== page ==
41. The apparatus of claim 40, wherein the received information about the injected current further comprises a telemetered value of the voltage applied to accomplish the current injection and a telemetered value of the measured lead impedance.
42. The apparatus of claim 41, wherein the processing unit calculates the injected current by dividing the telemetered voltage value by the telemetered lead impedance value.
43. The apparatus of claim 22, wherein the receiver receives telemetered information about the injected current from an implantable medical device.
Description
TECHNICAL FIELD

This document relates to measuring an electrical impedance that is related to a volume of fluid in an internal organ, and for example, to detecting changes in pulmonary edema in patients with implanted medical devices.

BACKGROUND

Pulmonary edema is a serious medical condition in which an excessive amount of fluid accumulates in the lungs. This condition usually results from heart failure. As such, some patients who have these heart conditions may also be prone to fluid accumulation in the lungs, that is, pulmonary edema. Heart failure patients may benefit from having an implantable cardiac rhythm management (CRM) device or an implantable resynchronization therapy device. Such implantable medical devices (IMDs) include, for example, implantable pacemakers, cardiac resynchronization therapy (CRT) devices, and implantable cardioverter-defibrillators, or “ICDs”, which may also have pacing functionality.

IMDs are usually implanted under the skin in the chest region, and they are designed to detect and treat irregular cardiac conditions via their attached implanted leads and electrodes. IMDs may sense ventricular tachycardia and/or ventricular fibrillation and deliver an electrical shock or other appropriate therapy in response to detecting such rhythms. They have one or more leads with one or more electrodes positioned in or around the heart to supply electrical stimulation to stabilize the heart rhythm, or to resynchronize ventricular contraction. In some IMDs, the housing of the IMD is conductive and serves as a large “can” electrode.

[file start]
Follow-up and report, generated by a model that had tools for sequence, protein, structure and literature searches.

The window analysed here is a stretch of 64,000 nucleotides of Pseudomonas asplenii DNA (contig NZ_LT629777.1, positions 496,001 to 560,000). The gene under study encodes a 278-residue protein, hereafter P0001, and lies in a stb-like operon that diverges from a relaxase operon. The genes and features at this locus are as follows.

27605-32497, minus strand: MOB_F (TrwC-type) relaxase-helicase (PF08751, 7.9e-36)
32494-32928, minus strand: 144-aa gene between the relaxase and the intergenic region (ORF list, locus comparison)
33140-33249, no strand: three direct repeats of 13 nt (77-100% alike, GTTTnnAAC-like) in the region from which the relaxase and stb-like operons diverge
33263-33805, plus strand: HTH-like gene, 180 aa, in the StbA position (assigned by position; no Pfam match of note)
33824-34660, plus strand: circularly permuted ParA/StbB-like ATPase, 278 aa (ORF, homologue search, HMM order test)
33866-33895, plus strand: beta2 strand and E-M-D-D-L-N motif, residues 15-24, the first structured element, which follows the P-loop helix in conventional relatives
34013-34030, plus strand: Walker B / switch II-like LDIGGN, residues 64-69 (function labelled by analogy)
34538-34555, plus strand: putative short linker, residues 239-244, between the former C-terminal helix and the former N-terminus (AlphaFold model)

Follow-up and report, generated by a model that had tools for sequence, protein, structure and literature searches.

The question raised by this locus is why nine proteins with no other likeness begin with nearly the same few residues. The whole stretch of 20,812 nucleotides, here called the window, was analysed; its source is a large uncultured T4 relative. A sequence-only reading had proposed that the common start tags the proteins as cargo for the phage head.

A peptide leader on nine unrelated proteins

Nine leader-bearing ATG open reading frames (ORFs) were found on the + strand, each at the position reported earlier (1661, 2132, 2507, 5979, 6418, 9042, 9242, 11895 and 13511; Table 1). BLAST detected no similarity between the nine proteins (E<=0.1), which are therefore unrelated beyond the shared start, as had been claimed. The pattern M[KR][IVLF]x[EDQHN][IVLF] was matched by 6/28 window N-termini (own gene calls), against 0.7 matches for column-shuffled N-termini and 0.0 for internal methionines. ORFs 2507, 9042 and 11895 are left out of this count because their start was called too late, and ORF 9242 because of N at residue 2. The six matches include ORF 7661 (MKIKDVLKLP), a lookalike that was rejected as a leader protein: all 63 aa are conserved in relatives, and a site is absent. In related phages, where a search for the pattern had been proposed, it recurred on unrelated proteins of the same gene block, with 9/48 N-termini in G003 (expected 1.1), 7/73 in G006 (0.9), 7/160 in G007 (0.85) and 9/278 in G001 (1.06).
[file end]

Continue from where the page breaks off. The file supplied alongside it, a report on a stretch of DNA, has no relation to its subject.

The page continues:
It is possible to use an IMD to detect changes in the volume of the fluid in the lungs by making an electrical impedance measurement across the lungs using the attached implanted electrodes. The more fluid there is in the lungs, the lower the impedance will be. U.S. patent application Ser. No. 10/303,305, filed on Nov. 25, 2002 by the present inventors, describes one way to measure lung impedance using an IMD to make an electrical impedance measurement between an electrode positioned epicardially over the left ventricular wall and connected to the IMD, and another electrode at the IMD itself. The impedance is measured by applying an electrical stimulus current to the implanted electrodes and measuring the resulting voltage using other implanted electrodes, and then calculating the ratio of voltage to current. This method measures the impedance of the thoracic tissues, including the lungs. The impedance is an indication of the fluid volume in the lungs. This measurement may be repeated over time to detect changes in impedance that indicate changes in lung fluid volume. It is also possible to detect fluid changes in the lungs by making an electrical impedance measurement using only external electrodes attached to the skin. In addition, it is possible to detect the volume of fluid in chambers of the heart by making an electrical impedance measurement using “pill” electrodes, swallowed into the esophagus, and external electrodes attached to the skin.